Probably, although there are probably ways to achieve speciation through purely neutral shifts; think changes in sexual selection which lead to a segregation of the population while leaving the net fitness unchanged. But the point is that most genetic mechanisms aren't either 'micro' or 'macro.' They tend to contribute to both. Tsumetai 04:19, 17 April 2007 (EDT)
Tsumetai, you are correct. Another factor is that neutral mutations do get passed on as the organism evolves, and since mutations are not considered positive or negative until the environmental stresses test them or they cause the organism to have some fatal flaw (tay sachs for example) they can lead to macro and micro changes.--TimS 15:25, 17 April 2007 (EDT)

the point is that most genetic mechanisms aren't either 'micro' or 'macro.': surely the point is that 'micro' and 'macro' are distinctions made by Creationists, so when Philip Rayment asks If even neutral mutations count as a mechanism of macroevolution, what is microevolution?, it is up to him or others of his belief system to answer. Which should be easy for him, because he contends that there are more species (or kinds) extant today than there were on Noah's Ark, so he must accept that speciation (and hence, presumably 'macroevolution') occurs. Chrysogonus 17:46, 29 May 2007 (EDT)

"micro" and "macro" distinctions are not made solely by creationists, and many if not most creationary scientists these day avoid use of the terms, as they are ill-defined and miss the main point anyway. I do accept that speciation occurs, but whether or not that constitutes macroevolution is something that I don't really care about. What it does not constitute is an increase in genetic information, which is what evolution requires. Philip J. Rayment 22:39, 29 May 2007 (EDT)

user:Conservative what the...!?

When you refer something to the panel you cannot delete all material that YOU YOURSELF object to, and then protect it. That is an abuse of power.-AmesGyo! 17:18, 14 April 2007 (EDT)

I demand that you re-instate your content and THEN protect it. Articles should be preserved in the status quo under appeal, NOT subject to your caprices.-AmesGyo! 17:19, 14 April 2007 (EDT)
I agree this is a really ridiculous abuse of power. Sulgran 17:20, 14 April 2007 (EDT)
Conservative, you have a lot of people allied against you on this. It is improper to modify a page that has been submitted to the Panel.-AmesGyo! 22:25, 14 April 2007 (EDT)
Not for him. He got away with it on the Theory of Evolution page. Even after the panel ruled, he got away with making an important substantive change (removing the link to The Origin of Species itself) without even a slap on the wrist; the only comment made on that at all by anyone with power, was the Panel mischaracterizing it is him adding a book to the recommended reading list. Nothing is improper for Conservative. --Jtl 00:22, 15 April 2007 (EDT)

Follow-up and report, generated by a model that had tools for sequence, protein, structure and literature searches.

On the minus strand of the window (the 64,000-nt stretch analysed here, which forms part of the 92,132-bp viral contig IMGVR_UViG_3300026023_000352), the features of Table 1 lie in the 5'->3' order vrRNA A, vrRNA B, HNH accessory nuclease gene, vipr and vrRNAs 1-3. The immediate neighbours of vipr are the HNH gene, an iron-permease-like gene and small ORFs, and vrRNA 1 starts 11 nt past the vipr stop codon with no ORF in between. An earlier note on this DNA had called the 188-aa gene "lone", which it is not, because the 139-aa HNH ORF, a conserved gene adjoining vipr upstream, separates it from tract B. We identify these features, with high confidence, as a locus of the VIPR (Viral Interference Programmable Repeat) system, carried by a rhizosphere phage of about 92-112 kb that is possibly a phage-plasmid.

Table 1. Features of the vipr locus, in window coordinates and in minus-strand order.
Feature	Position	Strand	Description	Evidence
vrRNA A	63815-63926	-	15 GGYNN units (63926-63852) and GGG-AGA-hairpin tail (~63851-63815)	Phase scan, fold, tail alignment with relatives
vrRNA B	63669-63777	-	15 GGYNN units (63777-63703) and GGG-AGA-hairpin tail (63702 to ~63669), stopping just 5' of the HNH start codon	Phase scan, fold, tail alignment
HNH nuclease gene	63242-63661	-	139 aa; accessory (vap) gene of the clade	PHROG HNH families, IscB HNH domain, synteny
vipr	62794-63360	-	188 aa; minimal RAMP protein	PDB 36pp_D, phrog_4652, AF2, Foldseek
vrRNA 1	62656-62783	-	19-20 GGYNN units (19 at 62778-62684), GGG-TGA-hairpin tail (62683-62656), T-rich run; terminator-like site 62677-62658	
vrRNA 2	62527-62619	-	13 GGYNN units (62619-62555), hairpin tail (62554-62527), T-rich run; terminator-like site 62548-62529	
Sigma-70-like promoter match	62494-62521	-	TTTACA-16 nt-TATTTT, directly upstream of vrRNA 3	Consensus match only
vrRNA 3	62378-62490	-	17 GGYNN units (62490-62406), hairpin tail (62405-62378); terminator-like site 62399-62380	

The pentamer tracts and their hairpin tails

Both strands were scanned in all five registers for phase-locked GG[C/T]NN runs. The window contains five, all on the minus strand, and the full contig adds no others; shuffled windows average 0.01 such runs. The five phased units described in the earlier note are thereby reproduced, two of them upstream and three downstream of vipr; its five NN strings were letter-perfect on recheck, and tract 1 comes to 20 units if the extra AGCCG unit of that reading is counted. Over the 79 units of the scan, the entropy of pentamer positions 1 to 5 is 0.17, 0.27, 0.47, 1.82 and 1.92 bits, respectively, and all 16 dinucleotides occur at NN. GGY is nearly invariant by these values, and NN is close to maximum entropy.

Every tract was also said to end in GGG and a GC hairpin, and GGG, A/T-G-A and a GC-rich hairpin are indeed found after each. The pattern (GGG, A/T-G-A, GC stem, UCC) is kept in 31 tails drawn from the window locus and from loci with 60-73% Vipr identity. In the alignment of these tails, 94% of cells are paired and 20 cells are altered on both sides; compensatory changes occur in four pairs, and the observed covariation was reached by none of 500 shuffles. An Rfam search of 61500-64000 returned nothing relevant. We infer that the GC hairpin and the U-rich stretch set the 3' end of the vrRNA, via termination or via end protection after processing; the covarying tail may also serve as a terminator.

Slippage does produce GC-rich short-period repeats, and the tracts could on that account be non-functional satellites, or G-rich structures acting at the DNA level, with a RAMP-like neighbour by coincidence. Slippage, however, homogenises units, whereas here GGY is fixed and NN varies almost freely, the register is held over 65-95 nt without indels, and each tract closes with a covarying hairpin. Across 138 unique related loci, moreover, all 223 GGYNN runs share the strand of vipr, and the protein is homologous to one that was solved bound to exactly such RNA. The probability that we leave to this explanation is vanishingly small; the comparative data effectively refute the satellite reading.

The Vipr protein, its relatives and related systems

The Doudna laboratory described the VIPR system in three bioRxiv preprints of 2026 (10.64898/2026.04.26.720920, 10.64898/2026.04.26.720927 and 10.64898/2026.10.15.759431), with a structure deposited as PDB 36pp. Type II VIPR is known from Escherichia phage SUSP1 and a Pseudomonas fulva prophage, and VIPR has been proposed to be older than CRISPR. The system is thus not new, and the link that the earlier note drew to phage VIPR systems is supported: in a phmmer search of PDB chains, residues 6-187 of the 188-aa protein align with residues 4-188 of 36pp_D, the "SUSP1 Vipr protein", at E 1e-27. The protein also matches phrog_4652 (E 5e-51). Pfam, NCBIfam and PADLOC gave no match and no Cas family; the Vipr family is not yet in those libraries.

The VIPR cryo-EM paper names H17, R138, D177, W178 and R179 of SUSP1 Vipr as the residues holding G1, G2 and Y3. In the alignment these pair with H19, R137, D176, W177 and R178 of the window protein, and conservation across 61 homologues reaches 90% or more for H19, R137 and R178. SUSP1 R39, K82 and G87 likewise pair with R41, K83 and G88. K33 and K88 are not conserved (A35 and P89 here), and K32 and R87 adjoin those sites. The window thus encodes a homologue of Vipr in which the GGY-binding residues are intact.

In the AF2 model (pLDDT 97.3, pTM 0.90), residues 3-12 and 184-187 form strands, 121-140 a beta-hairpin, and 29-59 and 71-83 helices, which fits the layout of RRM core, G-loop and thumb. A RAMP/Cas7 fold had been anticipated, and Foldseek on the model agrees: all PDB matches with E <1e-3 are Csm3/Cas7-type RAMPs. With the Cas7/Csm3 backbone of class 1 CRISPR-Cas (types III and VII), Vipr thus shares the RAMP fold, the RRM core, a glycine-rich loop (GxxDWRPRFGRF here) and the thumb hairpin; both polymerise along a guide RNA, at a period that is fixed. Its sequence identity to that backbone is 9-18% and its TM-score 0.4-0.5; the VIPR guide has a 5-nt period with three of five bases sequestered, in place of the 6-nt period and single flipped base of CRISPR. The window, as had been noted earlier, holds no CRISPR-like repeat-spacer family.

CPWebmaster, this has been submitted to the Panel. It should either be blanked or kept in the condition it was prior to its submission. That was this version.-AmesGyo! 11:27, 15 April 2007 (EDT)

Sysops, this matter deserves attention. The page should be unlocked asap, and unreferred to the Panel, or it should be reverted to its state prior to submission.-AmesGyo! 23:57, 15 April 2007 (EDT)

References section needed

Can someone please add a references section to this article? I will put the appropriate text here so you can see how to do it. (This will also create such a section here, I think.)


There were references before the revert.--TimS 15:21, 16 April 2007 (EDT)
Funny, here it is three weeks later and I just added a section to say just this (which I deleted when I saw this section). WAKE UP somebody, please. Human 20:26, 4 May 2007 (EDT)
There's currently no <ref>-type references in the article to show in a <references /> section. Philip J. Rayment 06:47, 5 May 2007 (EDT)
It has been locked for weeks. Conservative's revert did not need them but the reverts before it had them. I think that Human wants some references to Conservative's claims.--TimS 06:49, 5 May 2007 (EDT)

Will this page ever be unlocked?

It has been 2.5 weeks since this page was locked. Will it ever be unlocked so that further editing can be done? Right now its current state does not provide enough information to make it usable by students.--TimS 08:59, 1 May 2007 (EDT)

ProX' edits

I reverted ProX' edits, and he reverted them back, so before reverting them again, I'm going to explain in greater detail than my previous edit comment why.

  • "Macroevolution is a term used by Creationists": True, but (a) it's also used by evolutionists (who coined the term) and (b) is also deliberately not used by leading creationists. So this statement is misleading.
  • "However, scientists do not make this distinction...": As just mentioned, evolutionists do (or at least have) used these terms. Also, this phrase falsely implies that scientists and creationists are two mutually-exclusive groups.
  • "...the overall theory behind macroevolution (i.e. common descent) has been overwhelmingly consistent with empirical data.": That is opinion masquerading as fact.
  • "Predictions of empirical data from the theory of common descent have been so consistent that biologists often refer to it as the on as the "fact of evolution".": Apart from the grammatical error, they do refer to it as "fact", but this is because of their ideology, not overwhelming evidence.
  • "Creationists accept that evolutionary change is possible within species ("microevolution")...": Actually, leading creationists reject "evolutionary" change. That is, change that is observed is not "evolutionary", in the sense that such changes can lead to the evolutionary "family tree".
  • "...but deny that one species can evolve into another ("macroevolution").": On the contrary, leading creationists accept the existence of speciation.

The new "Methods of Macroevolution" may not be similarly faulty, but the title presumes the existence of what the rest of the article now argues is a fallacy! I think that this section would be better off in a different article (although at the moment I'm not sure which one).

Philip J. Rayment 12:30, 5 July 2008 (EDT)